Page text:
The recent ban on Muslims entering the U.S. proposed by Donald Trump and currently being reviewed in courts has ignited cries of resistance from both within the U.S. and abroad. I’d like to take a minute, with your indulgence, to add my voice to the heap. Because this is not just a U.S. issue. This is a human issue that has implications for all of us; American and non-American citizens like myself.
Persecution against any group for religious beliefs or race is illegal and unconstitutional in the U.S. Period.
This isn’t just an attack on Muslims or refugees — this is an attack on all humans and in particular, the ones most in need of protection. Right now, worldwide, 28 million children have been uprooted by conflict, driven from their homes by violence and terror. Children know no nations and no borders; those who survive will grow up to follow the lead of those who take them in. Do we show them love and acceptance? Or allow them to fend for themselves, vulnerable to guerrilla groups that will only teach them to perpetuate this cycle of violence?
We have to be vigilant about letting bigotry and hatred creep into the mainstream or be rationalized under the guise of “protecting our people.” If we accept blanket targeting towards Muslims, we can all be sure that other minority groups won’t be far behind, whether it’s by closing borders to other supposed “dangerous” groups or trampling their human rights in other ways.
Muslims are our people. They are human beings with children, needs and dreams like the rest of us. Not all Muslims are terrorists, and by the way, not all terrorists are Muslims.
Latinos are our people. They don’t come to “steal jobs” — they come seeking an opportunity to build a better life for themselves and for their children, which is what the U.S. has always prided itself on representing: opportunities. They are a huge part of the workforce that has contributed to making America the great country it is today.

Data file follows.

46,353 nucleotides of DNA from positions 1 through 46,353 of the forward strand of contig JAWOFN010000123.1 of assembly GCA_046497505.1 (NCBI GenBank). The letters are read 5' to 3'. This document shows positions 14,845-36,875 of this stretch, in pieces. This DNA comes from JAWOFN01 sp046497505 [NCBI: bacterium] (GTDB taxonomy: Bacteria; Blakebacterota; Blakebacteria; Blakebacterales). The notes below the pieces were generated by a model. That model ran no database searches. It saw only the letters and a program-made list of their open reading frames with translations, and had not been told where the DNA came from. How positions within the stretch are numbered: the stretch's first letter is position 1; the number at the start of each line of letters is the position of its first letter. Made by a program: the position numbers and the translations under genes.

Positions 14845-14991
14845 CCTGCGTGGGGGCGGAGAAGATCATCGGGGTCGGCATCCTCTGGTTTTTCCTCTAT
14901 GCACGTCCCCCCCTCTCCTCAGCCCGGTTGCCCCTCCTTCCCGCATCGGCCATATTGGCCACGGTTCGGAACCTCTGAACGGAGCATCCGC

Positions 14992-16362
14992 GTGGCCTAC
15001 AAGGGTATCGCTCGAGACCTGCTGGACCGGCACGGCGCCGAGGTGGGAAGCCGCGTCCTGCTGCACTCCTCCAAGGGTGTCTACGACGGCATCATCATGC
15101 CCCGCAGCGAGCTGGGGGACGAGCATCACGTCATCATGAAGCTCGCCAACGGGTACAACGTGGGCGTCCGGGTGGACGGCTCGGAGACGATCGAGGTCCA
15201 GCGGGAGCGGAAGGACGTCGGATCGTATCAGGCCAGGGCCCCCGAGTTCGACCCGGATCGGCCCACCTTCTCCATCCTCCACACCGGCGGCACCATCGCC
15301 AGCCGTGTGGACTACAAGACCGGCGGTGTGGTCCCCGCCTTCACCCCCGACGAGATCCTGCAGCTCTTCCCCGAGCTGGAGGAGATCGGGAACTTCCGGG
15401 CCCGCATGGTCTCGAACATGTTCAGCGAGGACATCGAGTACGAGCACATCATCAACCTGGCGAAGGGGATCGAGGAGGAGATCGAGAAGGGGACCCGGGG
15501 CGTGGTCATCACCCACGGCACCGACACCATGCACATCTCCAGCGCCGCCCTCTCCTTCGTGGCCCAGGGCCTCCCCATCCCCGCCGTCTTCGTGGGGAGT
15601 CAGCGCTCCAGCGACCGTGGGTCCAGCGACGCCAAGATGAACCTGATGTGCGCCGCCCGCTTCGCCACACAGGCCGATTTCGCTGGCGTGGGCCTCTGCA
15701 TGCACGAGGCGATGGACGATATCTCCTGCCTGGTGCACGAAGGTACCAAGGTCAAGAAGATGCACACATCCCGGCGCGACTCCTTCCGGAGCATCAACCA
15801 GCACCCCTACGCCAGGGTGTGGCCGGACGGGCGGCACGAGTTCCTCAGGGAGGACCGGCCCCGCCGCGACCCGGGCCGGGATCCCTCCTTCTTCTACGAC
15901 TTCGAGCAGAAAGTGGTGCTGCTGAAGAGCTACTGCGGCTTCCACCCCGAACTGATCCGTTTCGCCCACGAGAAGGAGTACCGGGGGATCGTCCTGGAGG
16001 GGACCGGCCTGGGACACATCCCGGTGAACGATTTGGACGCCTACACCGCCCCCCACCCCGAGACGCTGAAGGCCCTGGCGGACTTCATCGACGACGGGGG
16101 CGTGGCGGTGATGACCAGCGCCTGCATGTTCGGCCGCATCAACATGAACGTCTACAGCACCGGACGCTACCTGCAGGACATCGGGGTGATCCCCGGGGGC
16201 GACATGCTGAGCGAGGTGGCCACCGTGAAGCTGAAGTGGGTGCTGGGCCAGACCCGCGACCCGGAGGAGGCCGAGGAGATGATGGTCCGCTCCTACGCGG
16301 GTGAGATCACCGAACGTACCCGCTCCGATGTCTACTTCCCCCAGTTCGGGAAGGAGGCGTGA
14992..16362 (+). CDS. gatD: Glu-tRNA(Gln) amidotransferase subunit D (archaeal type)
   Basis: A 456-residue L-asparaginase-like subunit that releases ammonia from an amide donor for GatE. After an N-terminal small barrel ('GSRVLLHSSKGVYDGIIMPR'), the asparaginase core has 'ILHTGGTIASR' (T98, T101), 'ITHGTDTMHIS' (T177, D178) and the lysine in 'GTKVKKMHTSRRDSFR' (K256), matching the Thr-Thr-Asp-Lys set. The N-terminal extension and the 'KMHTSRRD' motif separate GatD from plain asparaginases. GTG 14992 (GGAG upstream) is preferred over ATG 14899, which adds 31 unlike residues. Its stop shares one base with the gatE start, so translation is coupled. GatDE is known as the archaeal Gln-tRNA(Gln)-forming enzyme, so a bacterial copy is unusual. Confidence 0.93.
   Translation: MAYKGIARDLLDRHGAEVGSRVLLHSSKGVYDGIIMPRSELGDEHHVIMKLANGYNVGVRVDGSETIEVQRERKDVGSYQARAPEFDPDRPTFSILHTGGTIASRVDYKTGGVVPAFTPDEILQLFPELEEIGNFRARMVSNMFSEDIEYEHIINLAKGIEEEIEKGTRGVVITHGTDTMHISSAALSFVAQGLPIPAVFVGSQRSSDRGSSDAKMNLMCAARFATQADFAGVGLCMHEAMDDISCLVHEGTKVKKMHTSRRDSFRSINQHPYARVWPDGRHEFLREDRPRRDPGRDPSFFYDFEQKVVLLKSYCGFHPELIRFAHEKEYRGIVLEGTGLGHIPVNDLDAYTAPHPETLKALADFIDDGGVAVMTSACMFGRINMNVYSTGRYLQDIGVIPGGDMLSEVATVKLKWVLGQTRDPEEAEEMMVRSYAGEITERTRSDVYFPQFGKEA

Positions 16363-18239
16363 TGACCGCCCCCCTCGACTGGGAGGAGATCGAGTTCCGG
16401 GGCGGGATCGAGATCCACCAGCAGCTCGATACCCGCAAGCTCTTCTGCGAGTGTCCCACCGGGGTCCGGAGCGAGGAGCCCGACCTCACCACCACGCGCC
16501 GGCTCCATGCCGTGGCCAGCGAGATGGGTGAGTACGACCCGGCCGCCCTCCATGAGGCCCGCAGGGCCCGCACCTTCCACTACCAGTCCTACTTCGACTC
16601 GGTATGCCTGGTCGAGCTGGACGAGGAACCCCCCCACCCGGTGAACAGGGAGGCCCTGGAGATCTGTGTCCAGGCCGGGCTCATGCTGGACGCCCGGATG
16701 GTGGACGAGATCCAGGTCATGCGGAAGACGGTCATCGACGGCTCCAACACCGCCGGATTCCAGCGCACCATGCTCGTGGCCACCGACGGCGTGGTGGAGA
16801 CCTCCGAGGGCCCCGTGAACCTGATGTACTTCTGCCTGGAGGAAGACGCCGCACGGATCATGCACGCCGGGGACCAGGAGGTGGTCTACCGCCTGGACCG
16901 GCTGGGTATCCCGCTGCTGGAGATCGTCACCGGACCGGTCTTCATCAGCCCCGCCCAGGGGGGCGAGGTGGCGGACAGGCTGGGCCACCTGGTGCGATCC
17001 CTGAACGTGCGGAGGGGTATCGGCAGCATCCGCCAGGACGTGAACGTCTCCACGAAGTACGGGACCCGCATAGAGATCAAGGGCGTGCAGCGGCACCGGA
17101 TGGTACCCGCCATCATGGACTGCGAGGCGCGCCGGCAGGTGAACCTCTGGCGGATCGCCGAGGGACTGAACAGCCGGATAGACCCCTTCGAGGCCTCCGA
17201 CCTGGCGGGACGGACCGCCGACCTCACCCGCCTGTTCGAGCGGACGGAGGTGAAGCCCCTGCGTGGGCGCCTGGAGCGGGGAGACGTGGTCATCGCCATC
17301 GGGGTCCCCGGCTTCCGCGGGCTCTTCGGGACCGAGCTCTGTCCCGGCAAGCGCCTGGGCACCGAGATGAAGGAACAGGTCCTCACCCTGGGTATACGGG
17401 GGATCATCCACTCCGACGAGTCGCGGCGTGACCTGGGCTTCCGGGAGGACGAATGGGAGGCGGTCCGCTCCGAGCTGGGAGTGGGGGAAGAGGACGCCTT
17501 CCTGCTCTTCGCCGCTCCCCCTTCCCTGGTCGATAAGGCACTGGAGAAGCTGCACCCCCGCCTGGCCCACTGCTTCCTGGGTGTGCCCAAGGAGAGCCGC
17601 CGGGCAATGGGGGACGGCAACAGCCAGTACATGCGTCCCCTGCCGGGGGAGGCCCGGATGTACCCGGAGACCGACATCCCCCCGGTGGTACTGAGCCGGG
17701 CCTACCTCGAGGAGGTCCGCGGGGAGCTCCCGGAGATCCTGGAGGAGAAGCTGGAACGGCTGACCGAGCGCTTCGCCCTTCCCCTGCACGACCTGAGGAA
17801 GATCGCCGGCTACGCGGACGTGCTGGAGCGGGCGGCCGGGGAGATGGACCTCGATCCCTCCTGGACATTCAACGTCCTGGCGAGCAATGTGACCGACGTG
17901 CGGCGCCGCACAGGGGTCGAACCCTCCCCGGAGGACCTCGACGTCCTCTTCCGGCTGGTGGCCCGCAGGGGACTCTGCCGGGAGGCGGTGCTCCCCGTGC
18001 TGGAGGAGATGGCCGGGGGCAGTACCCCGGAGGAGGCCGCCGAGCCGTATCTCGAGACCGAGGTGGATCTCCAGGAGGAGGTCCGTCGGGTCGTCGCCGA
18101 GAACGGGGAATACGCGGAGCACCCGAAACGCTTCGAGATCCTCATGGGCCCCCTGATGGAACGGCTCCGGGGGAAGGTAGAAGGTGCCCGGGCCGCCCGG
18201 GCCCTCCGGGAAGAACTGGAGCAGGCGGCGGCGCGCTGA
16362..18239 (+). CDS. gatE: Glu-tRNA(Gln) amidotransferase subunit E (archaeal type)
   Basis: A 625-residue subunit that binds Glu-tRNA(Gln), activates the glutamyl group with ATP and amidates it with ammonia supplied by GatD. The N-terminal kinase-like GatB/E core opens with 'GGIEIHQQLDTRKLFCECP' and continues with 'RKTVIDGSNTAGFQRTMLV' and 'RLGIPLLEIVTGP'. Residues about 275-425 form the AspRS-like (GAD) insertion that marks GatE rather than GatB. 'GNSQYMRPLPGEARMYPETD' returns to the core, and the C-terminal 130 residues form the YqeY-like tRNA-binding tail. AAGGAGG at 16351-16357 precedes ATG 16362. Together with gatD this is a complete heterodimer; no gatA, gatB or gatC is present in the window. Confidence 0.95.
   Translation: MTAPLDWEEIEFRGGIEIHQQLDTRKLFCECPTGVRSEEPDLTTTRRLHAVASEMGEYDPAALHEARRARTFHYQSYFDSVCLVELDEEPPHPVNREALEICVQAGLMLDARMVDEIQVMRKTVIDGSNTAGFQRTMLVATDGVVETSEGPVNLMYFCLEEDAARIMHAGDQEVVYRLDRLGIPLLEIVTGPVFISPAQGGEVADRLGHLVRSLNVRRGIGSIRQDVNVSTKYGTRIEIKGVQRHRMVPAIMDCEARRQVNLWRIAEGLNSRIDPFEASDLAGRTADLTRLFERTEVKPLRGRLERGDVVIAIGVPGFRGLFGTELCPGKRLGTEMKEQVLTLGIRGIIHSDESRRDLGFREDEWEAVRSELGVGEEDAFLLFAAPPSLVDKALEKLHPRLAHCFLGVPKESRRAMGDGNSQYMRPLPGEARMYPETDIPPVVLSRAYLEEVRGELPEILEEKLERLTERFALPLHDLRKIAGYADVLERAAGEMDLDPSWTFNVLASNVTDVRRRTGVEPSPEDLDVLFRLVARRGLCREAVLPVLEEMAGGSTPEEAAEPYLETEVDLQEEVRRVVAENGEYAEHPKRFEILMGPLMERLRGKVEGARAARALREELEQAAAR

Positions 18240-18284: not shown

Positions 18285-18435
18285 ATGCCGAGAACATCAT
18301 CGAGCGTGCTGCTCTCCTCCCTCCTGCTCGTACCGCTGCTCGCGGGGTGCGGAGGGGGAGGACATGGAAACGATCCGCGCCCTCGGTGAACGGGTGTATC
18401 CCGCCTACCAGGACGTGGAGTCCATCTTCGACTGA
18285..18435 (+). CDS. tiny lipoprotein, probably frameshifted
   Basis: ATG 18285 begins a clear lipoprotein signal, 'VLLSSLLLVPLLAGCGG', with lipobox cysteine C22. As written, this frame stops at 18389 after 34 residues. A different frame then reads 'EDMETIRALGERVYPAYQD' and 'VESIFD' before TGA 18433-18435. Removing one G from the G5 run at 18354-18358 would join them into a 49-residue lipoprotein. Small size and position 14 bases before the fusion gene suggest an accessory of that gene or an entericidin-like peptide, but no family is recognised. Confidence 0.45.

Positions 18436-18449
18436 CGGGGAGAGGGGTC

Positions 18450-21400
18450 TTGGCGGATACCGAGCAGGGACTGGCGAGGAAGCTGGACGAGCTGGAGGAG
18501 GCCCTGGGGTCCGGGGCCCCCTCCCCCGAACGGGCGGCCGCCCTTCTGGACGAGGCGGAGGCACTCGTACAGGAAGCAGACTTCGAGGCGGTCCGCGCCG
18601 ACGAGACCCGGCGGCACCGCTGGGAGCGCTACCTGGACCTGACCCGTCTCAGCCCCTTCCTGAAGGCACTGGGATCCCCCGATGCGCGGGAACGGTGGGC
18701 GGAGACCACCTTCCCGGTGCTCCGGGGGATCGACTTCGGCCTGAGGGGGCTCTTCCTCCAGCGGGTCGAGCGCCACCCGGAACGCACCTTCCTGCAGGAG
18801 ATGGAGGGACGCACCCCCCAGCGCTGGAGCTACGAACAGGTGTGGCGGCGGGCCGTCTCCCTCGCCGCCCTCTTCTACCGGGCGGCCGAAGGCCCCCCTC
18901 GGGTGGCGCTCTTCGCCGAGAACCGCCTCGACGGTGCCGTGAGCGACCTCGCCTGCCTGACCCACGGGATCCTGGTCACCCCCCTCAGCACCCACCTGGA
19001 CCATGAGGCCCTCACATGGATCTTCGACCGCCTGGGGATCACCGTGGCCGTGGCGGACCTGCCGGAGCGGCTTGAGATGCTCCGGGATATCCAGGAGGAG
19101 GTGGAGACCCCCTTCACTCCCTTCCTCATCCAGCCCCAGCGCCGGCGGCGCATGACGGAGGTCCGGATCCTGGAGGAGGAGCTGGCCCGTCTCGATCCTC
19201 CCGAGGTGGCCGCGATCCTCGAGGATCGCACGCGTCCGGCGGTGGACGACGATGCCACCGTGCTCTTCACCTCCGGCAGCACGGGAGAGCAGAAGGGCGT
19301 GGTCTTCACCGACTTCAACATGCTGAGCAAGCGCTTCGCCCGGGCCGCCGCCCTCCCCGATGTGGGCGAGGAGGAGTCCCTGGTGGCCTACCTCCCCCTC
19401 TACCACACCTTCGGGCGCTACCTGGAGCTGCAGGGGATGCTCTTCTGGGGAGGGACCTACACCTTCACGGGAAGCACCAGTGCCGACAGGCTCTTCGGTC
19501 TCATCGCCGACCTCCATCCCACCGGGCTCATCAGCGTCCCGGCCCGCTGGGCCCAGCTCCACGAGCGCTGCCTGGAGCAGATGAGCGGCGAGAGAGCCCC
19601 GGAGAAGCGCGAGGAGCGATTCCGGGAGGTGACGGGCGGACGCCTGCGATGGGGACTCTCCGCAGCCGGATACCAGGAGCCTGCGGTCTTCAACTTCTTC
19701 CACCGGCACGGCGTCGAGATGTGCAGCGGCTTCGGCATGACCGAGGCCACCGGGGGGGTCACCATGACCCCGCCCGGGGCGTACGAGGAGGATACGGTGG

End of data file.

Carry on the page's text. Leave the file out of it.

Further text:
African Americans are our people. After enduring centuries of oppression and the countless human atrocities that were committed against them, after fighting for civil rights, it’s devastating that racial profiling is still happening and their civil liberties are still being threatened.
I could go on naming groups ad infinitum, but the point is, we shouldn’t be singling out groups and differentiating them by race, class or religion, because according to the Constitution, all of that is irrelevant to their rights as a citizen. Anybody who goes to the U.S. and chooses to raise that flag and uphold those principles is “our people.”
Thanks to social networks, we all have a platform to use our voice today. For every post I see with hateful language, I see others that lift my spirits and reassure me that we haven’t totally lost our way. Lawyers in airports offering free counsel to refugees, New Yorkers banding together on the subway to erase neo-Nazi vandalism, doctors volunteering their time to give free advice to women that need it, and citizen activists marching for equal rights for all.
Let’s keep tipping the scales in favor of “liberty and justice for all,” keep using our voices to lift up others and speak out for those whose voices have been stripped from them. I applaud all of you who have spoken out against the ban—keep up the good fight and never back down. #resist
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